A few weeks ago, I wrote a rant about holiday programming in the library for Storytime Underground. We’ve been posting rants about things that we are super passionate about since October 2013 when Cory wrote about privilege and imposter syndrome. It became obvious that there are big issues our audience is riled up about, just like we are, but that not everyone is willing or able speaking up. So, we felt we should share our opinions in the hopes that perhaps others would feel comfortable to do the same, or that their point of view might be reflected in our writings. Additionally, we hoped to get people thinking more deeply (and dare I say, intentionally!) about what they are doing and why. To not blindly follow those who speak the most or loudest, or the majority, because that is sometimes easier than blazing your own trail.
So, after a discussion began on the Storytime Underground Facebook page about holiday programs in the library which left me feeling quite impassioned, I decided to publicly speak up in the form of a rant on Storytime Underground. Because, if a thing is not asked to change, it never will. To say this rant rattled some cages might be an understatement.
School Library Journal saw the post and asked if I’d be interested in writing a similar opinion piece for them. Of course! This issue is important and I want it to spark discussion among as many people as possible, and it has. Not everyone has been very satisfied with my statements, which bothered many others much more than it did me. One of the first things my mother said to me after reading the comments was, “I don’t know how you do this” and, second, I recognize that many people are afraid of the unfamiliar, which can manifest in defensive anger. There’s nothing I can do about that but let it go. I was quite blunt in my assertions and that can rub people the wrong way, but if there is one thing I have learned from working in libraries (and from being a blonde woman, actually), it’s that you must be assertive if you are to be heard and taken seriously. Even then, sometimes people make untrue assumptions about you.
I have been glad to see responses from Jbrary, Rachel at Constructive Summer, Horn Book and the discussions on Twitter, the comments on the blog, and most of the comments on SLJ. It thrills me to no end to see my colleagues discuss what, in reality, is a small part of a very large issue (libraries as inclusive spaces for everyone), and I look forward to many more discussions on that larger issue.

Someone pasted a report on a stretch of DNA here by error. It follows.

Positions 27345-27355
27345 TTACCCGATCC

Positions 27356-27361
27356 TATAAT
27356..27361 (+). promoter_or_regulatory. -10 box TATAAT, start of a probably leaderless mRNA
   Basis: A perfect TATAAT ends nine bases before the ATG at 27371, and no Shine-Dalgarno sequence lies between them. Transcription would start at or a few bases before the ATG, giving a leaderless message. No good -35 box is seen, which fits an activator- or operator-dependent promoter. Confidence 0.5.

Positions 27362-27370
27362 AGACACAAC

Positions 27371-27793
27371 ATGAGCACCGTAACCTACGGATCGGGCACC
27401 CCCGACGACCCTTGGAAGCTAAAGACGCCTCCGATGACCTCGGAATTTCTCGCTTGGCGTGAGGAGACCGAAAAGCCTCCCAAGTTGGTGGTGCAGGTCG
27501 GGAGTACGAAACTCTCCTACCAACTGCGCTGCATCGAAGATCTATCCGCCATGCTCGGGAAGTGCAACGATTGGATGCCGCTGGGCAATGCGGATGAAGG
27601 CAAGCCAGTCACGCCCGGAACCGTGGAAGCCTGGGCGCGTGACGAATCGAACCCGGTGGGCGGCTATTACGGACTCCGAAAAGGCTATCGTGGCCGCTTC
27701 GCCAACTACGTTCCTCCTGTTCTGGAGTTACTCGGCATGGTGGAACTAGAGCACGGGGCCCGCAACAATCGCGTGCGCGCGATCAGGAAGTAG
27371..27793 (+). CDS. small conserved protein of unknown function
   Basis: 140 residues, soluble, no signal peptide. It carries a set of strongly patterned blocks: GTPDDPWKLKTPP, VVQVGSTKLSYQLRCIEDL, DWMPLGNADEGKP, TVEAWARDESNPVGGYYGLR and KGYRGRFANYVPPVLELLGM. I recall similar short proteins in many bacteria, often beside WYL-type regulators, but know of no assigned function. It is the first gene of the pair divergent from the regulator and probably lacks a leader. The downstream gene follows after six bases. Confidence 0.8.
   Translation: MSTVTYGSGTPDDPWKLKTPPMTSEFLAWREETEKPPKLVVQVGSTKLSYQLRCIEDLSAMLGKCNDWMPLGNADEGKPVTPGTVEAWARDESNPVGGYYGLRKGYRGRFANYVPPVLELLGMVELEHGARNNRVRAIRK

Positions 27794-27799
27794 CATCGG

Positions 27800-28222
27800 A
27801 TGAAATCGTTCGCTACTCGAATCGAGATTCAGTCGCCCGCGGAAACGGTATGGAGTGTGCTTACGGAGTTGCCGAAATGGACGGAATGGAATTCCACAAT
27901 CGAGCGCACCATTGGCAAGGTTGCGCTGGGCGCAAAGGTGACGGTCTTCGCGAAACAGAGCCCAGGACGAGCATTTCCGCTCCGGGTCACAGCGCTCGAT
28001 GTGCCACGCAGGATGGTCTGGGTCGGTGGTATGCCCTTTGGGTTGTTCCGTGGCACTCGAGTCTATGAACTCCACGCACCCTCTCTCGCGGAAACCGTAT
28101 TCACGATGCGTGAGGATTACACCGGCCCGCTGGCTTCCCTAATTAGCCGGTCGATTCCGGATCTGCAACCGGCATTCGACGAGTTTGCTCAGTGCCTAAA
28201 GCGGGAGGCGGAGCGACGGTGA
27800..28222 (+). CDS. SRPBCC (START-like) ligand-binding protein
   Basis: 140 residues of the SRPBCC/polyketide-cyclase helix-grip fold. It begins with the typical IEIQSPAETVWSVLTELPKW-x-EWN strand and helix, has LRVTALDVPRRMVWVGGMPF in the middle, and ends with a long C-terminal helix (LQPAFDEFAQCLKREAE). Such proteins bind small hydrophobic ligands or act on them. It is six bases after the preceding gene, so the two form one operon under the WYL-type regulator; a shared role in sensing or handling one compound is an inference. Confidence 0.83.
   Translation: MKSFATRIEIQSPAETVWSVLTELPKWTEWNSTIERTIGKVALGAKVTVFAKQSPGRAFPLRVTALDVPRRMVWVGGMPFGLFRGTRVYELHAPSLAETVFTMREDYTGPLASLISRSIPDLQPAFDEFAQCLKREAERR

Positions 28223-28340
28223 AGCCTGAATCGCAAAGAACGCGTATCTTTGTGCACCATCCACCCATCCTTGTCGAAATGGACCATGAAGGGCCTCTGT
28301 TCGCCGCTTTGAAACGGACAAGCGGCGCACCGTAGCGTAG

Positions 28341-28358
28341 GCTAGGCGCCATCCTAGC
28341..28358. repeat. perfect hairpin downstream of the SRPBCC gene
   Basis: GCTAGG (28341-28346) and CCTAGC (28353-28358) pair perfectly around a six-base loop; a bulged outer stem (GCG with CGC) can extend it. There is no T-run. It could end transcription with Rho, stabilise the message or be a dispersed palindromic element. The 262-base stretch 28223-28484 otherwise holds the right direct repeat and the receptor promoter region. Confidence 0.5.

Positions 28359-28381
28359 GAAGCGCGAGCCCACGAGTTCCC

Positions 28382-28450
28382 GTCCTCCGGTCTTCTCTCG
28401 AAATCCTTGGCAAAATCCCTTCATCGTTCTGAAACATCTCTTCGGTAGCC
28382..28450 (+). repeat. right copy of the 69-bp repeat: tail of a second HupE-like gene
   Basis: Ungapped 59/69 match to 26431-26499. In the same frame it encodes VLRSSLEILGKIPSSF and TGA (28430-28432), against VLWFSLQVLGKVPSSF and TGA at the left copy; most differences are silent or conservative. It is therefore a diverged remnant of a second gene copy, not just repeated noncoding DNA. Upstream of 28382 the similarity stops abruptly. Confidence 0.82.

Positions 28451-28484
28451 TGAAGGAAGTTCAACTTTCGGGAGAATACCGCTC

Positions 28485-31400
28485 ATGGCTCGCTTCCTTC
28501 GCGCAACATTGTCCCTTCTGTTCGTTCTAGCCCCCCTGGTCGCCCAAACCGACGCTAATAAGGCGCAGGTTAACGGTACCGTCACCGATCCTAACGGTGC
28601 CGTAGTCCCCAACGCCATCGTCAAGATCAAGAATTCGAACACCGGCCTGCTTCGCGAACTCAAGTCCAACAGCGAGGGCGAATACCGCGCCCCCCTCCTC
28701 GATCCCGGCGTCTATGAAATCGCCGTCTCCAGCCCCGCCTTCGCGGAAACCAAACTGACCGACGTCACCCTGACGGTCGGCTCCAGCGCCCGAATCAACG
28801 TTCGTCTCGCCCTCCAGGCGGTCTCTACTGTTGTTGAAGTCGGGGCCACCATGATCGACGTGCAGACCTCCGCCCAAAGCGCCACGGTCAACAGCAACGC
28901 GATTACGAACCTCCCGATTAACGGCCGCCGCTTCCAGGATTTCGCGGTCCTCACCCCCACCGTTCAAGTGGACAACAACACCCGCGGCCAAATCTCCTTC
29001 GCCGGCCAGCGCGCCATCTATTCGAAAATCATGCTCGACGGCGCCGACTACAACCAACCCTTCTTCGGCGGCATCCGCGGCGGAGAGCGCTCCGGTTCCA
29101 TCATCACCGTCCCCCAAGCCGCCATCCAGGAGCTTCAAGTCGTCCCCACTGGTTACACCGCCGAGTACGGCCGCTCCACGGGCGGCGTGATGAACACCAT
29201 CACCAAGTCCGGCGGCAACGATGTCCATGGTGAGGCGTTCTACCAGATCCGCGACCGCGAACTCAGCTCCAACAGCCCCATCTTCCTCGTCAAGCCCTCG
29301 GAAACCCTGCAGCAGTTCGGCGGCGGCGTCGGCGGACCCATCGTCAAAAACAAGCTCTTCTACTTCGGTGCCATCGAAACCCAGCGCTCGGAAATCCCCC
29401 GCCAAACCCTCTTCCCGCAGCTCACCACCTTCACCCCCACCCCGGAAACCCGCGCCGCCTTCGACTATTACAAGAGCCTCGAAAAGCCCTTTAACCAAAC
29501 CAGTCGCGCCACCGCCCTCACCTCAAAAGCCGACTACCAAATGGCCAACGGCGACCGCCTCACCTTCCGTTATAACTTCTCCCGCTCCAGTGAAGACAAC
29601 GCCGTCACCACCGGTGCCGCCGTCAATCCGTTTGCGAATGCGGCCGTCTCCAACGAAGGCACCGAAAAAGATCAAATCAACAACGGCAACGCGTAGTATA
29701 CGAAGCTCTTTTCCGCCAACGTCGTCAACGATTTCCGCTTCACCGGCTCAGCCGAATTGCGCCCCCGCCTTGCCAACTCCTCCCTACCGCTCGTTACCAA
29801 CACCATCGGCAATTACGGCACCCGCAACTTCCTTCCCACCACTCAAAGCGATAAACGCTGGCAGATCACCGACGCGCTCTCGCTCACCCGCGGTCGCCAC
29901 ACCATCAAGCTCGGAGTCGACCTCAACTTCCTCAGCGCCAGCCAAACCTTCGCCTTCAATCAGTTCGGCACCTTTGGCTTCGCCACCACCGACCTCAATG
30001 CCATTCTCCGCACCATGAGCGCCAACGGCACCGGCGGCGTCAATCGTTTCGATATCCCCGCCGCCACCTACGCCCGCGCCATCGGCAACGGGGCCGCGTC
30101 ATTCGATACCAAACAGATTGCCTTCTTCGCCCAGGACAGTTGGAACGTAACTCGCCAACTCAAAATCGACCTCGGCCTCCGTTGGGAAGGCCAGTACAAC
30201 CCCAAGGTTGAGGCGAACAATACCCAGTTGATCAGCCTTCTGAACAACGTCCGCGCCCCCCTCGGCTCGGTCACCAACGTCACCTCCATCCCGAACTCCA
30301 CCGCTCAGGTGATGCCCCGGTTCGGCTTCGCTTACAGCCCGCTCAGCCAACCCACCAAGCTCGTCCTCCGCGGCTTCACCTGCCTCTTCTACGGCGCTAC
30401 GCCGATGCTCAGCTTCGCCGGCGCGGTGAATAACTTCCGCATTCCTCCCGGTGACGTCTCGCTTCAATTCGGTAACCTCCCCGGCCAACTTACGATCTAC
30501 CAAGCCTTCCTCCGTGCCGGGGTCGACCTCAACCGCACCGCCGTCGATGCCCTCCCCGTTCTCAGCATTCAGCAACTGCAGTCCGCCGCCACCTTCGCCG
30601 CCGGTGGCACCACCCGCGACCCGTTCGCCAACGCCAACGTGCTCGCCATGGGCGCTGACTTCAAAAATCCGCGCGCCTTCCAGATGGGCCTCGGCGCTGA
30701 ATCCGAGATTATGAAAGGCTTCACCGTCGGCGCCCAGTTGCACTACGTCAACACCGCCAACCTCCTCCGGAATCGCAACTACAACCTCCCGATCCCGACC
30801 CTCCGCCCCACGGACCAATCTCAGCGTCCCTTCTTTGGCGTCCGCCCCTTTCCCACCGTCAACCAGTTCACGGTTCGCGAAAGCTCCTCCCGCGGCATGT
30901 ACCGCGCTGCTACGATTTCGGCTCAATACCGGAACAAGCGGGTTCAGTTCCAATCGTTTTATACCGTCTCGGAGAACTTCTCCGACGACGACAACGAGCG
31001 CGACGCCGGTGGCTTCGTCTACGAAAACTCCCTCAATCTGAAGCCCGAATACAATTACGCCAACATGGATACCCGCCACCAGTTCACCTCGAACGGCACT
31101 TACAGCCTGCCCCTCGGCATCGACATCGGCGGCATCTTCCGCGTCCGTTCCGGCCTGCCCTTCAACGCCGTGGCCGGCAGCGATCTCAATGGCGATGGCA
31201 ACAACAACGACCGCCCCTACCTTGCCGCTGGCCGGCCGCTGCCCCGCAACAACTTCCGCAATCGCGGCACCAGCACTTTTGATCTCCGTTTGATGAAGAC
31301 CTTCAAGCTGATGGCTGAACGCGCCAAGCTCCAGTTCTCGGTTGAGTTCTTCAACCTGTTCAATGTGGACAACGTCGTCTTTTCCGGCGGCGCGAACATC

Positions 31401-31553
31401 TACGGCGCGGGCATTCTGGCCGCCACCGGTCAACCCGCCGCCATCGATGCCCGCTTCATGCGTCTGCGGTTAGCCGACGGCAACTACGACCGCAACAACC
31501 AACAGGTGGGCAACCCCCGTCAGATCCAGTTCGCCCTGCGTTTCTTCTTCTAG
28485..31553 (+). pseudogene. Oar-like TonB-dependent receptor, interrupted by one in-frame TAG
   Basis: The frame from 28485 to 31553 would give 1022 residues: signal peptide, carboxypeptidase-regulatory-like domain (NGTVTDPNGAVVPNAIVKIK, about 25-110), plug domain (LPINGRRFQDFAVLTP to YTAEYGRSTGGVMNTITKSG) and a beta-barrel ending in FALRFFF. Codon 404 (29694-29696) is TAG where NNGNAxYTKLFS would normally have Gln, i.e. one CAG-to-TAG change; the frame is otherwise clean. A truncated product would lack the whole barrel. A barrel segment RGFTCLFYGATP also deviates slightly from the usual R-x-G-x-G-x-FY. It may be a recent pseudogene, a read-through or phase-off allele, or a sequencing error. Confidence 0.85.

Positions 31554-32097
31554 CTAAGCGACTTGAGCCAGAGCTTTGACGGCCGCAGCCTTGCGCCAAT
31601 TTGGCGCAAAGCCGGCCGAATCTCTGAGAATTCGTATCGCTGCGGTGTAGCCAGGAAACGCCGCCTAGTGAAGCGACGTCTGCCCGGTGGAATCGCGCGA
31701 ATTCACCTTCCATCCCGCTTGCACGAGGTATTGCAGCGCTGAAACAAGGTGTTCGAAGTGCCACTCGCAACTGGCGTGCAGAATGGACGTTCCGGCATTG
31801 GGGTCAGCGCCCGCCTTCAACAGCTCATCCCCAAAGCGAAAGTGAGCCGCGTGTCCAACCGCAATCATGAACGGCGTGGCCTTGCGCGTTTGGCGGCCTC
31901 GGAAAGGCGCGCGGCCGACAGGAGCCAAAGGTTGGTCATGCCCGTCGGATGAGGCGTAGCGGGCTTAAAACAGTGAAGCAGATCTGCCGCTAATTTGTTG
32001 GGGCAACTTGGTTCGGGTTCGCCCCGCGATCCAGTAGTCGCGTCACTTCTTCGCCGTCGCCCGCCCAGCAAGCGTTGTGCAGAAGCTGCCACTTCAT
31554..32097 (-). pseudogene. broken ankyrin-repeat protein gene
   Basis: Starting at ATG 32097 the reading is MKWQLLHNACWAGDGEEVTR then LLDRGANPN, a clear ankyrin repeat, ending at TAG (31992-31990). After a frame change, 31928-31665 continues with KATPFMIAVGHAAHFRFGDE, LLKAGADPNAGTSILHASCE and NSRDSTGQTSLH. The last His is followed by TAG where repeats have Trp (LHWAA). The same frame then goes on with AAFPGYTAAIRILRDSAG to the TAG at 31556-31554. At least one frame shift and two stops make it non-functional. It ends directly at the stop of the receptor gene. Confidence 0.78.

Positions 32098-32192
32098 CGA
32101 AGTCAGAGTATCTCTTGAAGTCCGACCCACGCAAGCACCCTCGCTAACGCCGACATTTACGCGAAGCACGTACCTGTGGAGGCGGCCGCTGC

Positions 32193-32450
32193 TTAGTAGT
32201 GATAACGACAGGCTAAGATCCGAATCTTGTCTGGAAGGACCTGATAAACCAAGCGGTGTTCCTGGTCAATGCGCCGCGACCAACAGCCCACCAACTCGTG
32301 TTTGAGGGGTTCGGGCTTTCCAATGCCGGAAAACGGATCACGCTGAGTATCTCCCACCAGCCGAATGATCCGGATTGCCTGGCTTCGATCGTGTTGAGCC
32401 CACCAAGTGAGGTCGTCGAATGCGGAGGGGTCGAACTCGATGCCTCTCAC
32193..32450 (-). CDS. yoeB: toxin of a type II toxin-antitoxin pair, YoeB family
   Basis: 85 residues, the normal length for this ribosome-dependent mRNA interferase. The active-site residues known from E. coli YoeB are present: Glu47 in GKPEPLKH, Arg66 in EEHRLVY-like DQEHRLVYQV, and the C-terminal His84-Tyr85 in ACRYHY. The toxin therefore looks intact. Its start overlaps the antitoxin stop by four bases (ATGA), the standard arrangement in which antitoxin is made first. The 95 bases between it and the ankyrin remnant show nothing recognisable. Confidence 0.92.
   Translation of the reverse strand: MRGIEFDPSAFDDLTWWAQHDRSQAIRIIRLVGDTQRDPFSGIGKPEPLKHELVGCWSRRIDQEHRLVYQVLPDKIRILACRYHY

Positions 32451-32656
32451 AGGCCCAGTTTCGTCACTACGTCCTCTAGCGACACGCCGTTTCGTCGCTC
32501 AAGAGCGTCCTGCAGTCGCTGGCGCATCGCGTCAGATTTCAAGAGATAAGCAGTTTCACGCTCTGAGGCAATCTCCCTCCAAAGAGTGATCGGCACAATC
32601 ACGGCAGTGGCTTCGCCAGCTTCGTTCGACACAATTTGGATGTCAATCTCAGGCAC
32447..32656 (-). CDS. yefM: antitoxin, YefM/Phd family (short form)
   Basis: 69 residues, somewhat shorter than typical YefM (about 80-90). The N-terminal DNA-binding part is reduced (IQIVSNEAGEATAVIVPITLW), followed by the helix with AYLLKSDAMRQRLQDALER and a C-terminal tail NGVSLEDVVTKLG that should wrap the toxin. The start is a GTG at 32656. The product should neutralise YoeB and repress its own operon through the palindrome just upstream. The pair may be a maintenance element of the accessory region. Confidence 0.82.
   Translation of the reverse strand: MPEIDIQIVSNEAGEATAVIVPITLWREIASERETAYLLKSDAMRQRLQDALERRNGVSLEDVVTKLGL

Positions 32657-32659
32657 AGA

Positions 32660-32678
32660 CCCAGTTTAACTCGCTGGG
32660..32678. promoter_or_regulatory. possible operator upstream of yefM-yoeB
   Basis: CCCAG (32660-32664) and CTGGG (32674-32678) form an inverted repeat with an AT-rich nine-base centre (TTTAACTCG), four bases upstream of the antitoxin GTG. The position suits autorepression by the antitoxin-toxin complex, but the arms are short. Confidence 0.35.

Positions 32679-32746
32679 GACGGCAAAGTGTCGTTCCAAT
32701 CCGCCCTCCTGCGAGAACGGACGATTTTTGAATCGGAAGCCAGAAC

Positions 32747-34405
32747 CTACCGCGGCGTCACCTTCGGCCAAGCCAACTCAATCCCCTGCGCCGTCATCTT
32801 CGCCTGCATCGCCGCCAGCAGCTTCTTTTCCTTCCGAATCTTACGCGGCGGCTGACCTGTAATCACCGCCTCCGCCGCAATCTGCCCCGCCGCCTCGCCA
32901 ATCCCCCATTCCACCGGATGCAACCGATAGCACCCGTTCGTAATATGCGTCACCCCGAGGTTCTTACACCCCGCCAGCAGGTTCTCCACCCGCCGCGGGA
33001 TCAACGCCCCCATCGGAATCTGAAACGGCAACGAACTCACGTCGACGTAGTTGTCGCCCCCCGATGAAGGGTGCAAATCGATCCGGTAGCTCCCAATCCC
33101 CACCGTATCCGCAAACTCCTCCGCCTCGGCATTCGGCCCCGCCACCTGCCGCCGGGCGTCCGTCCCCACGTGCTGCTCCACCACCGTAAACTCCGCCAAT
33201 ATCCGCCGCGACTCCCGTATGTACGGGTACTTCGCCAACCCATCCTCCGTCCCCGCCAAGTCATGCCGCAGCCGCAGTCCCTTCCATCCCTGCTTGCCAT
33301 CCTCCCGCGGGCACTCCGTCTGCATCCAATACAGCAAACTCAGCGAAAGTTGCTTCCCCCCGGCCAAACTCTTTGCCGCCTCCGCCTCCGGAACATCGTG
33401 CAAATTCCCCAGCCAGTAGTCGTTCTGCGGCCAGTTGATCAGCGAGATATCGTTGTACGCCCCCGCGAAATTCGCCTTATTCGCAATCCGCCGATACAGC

I’m hopeful that we can make positive change in our field by continuing to challenge each others’ beliefs while keeping open minds as our own are challenged. Continue to speak up about issues, even if you might be on the unpopular side of things (especially then!), if for no other reason than to help people to acknowledge that there are always at least two sides to every issue. We owe it to ourselves, our profession and our communities to talk openly and fully about any issue. I, for one, am always up for a good debate (even when we’re in agreement)!
(Editor’s Note: For some unknown reason, the last two paragraphs were omitted when this piece was published. As of the evening of 12/26/14, they have been correctly inserted.
My apologies to Kendra. – MRV)
Our guest blogger today is Kendra Jones. Kendra is a toddler and parachute wrangling Children’s Librarian in the Pacific Northwest and Joint Chief of Storytime Underground (storytimeunderground.org). She can be found on twitter @klmpeace, lurking on the Storytime Underground Facebook page, and sporadically on her own blog: Read, Sing, Play (klmpeace.wordpress.com).
Please note that as a guest post, the views expressed here do not represent the official position of ALA or ALSC.
If you’d like to write a guest post for the ALSC Blog, please contact Mary Voors, ALSC Blog manager, at email@example.com.